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Over a cup of coffee, director Rob Sitch waxes philosophical about his first feature film, about success and humility, about his need for sentimental stories, and the Australian proverbial comic streak. The Castle, says Sitch, "is a comedy of lack of sophistication" about Daryl Kerrigan, an ordinary man who’s ready to go against the whole country just to be able to keep his home, for "a man’s home is his castle" and that’s worth a thousand deaths.

"Of course it’s funny. Tragic and funny. Comedy is never seen in a separate compartment in Australia – it’s part of everyday life, part of our government. Sure, the business of the country has to go on, but the people who get to the top usually have a sense of humor.

"Let me tell you a story which just sums up Australians. In wartime my father was a bomber and there was this huge bomber ride in the Pacific. They had American fighter pilots escorting them and there was total radio silence – if you broke radio silence you’d be court-martialed or even shot – and three hours into the mission an Australian pilot got on the intercom and went: ‘Hands up those with sore asses!’ That’s Australia for you. You can’t take yourself too seriously and, if you’re successful, you’d better not be happy with yourself because people will turn against you.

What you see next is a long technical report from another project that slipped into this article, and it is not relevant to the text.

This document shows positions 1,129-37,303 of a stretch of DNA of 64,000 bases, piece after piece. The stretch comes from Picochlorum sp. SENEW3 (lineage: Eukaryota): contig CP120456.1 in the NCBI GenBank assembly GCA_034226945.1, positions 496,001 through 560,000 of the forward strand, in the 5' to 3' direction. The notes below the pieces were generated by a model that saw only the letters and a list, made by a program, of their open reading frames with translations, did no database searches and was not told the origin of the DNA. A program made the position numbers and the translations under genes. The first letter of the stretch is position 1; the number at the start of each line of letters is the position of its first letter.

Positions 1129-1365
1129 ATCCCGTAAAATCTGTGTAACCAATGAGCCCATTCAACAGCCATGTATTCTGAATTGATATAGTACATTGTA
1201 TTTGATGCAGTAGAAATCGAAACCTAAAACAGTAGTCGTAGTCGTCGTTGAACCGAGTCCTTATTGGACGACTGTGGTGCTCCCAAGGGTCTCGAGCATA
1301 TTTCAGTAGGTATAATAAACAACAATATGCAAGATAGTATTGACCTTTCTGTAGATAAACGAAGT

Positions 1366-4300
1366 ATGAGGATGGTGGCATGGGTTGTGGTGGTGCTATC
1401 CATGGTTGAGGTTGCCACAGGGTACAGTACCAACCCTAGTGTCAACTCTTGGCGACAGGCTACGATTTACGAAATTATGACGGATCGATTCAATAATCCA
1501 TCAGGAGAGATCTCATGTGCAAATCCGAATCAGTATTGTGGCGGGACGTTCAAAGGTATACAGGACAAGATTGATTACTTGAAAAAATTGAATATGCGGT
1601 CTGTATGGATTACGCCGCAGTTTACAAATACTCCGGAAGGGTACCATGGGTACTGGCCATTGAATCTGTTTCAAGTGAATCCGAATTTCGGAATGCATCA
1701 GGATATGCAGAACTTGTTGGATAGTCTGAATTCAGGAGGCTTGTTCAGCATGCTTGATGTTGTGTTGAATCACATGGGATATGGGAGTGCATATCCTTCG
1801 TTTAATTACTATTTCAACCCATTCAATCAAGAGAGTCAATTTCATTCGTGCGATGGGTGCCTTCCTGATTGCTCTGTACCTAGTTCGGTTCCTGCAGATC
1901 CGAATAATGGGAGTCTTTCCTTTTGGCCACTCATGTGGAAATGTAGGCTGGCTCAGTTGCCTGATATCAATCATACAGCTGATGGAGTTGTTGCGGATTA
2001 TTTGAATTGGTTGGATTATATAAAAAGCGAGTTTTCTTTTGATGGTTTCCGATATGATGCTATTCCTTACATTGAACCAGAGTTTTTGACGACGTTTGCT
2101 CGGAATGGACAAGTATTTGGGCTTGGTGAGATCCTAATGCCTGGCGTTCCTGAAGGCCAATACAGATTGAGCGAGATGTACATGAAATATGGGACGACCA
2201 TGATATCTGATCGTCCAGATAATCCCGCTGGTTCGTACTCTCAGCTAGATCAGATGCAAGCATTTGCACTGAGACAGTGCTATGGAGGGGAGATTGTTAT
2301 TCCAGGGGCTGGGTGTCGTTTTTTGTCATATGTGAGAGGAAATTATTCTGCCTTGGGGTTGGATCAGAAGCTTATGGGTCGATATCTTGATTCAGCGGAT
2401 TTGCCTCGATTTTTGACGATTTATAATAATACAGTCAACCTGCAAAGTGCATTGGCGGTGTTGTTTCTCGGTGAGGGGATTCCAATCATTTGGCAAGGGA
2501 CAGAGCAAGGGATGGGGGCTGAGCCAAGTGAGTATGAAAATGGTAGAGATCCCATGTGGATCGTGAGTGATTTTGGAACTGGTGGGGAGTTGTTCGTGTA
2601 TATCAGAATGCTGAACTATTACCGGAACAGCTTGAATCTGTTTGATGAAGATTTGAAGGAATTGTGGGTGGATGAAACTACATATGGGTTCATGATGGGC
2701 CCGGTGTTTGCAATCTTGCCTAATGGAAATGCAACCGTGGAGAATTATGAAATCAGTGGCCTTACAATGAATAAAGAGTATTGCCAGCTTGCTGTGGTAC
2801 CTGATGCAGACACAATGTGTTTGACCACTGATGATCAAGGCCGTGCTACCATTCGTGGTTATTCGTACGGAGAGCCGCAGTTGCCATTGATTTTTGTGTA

"Darryl succeeds in his quixotic enterprise, but there’s humility in his success. He keeps his home because Lawrence helps him. Lawrence is a retired lawyer, a man of enormous intelligence, wealth and sophistication, but when he comes up against Darryl’s humility, heart and helplessness, that’s a great humbling experience for him. It’s a wonderful relationship.

"So, with all these cultural differences, why did The Castle travel; why did it do so well at Sundance? I think it’s because audiences have a funny way of working things out and, also, an insatiable appetite for places around the world. And, maybe, for sentiment. In a dark theater, where no one can see them, people are not afraid to cry and open up to a sentimental story. I like sentiment. If you put it through a prism, you get a lot of colors."

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